Jean Rollin is new pastor at Cambridge UMC

Minnesota native returns from service in Nebraska

By Greg Hunt

Taking over pastoral duties at the Cambridge United Methodist Church has called Rev. Jean Rollin back home to her native Minnesota after she resided in Nebraska the past seven years. Despite adjusting to the large crop of mosquitoes evident around town this summer, the move was welcoming.

Rev. Jean Rollin at the Cambridge United Methodist Church. Photo by Greg Hunt

“I applied to come back here because my nuclear family is all in Minnesota, with more family members in Wisconsin,” she explained. “I love coming back to Minnesota Public Radio, and I love the scent and seeing the different trees here.”

Rollin grew up as a preacher’s kid or a “T.O – Theological Offspring” as she also heard the expression, as her father the Rev. Robert Rollin served in a variety of churches around Minnesota.

“He actually retired the year before I was ordained (in 1986), so that was kind of interesting,” said Rev. Jean. “Between what I have lived in and what I have served, I have been in anything from a town of 570 population at that time in Morristown all the way to serving in a suburb of the Twin Cities, and kind of everything in between. My two-point charge in Morristown near Waseca was literally a church in the middle of a bean or corn field, depending on what they planted.”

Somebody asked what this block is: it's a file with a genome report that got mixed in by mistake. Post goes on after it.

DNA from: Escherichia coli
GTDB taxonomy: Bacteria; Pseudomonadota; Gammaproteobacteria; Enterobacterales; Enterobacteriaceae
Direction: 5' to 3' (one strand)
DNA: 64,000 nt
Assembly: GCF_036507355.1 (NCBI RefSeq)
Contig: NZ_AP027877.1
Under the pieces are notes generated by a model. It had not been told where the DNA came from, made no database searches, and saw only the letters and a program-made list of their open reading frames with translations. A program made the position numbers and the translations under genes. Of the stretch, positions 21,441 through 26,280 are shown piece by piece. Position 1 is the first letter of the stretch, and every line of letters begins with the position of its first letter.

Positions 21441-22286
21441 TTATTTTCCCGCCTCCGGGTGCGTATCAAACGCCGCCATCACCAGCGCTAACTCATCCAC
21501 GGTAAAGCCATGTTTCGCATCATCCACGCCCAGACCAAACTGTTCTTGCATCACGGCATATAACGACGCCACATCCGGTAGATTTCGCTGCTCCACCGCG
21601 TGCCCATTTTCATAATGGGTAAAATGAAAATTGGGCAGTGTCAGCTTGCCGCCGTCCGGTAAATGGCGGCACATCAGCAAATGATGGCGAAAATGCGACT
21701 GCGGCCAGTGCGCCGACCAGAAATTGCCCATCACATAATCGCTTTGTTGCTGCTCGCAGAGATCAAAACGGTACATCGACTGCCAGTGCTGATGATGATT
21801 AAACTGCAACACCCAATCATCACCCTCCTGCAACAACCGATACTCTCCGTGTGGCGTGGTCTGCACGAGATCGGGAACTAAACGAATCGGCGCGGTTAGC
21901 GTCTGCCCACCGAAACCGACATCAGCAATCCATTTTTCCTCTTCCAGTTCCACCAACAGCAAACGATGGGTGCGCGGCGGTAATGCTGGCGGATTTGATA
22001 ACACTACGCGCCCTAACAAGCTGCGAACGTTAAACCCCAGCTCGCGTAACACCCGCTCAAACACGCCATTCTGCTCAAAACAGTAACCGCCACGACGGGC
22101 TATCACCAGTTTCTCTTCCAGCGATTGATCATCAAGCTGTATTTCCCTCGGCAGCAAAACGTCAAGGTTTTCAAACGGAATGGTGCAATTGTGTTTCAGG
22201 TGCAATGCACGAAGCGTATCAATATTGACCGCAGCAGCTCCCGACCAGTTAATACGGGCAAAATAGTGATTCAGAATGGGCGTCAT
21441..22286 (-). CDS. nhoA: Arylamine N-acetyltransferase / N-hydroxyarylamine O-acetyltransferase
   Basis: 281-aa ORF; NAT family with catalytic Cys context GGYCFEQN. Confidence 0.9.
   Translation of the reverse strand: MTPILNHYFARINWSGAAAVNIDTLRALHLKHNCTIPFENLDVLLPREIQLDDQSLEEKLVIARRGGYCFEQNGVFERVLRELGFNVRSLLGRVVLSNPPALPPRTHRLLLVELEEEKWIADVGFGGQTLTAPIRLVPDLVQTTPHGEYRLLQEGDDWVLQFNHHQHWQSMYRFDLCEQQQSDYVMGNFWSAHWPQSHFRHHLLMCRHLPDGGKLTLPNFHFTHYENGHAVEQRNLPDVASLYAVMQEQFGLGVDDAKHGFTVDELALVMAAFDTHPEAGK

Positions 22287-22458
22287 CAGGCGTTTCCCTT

Rollin was born in St. Paul, and Lake City, Hutchinson, Duluth and Austin are more cities she resided in over the years. She moved in July 2004 to Omaha, Neb., to serve as a faith-based community educator — working interfaith and ecumenically and also with community groups. The church with which she was connected was the only UMC Reconciling Congregation in Nebraska.

“My focus was on healthy communication, ‘good touch/bad touch,’ and healthy relationships — holding workshops at churches to work with their needs,” she continued. Rollin also worked at the University of Nebraska-Lincoln with its personal group. “So I was working with different age groups — children all the way through seniors.”

Singing has been a life-long love of Rollin’s, trained in classical, jazz and Broadway styles. While in Omaha, she sang with the River City Mixed Chorus. At past churches, she has led Grades K-3 children’s choirs called “God’s Kids.” Depending on the Sunday schedule, Rev. Rollin is hoping to join the church choir during some of its hymn singing.

“I have a passion for reaching people who have either been hurt by the church or felt alienated. My first Sunday here (June 26), I talked about wrestling with one’s faith. I’m a strong believer that we’re not here to pour spiritual Pablum into anybody,” she said. “I believe God gave us a brain to think and to wrestle with thoughts, ideas and concepts, and that it’s not offensive to God when we do that, but it’s offensive to God when we do not. If God had wanted us to all say the same thing, God would not have given us free will or a free mind.”

Calling out an invitation to folks on the search for a church, Rev. Rollin finished, “Anybody is welcome here — and I mean that. People do not all have to believe the same way. I think that’s important. The challenge of learning and growing spiritually is important. I see my role as trying to encourage that while we’re all on our very different paths.”

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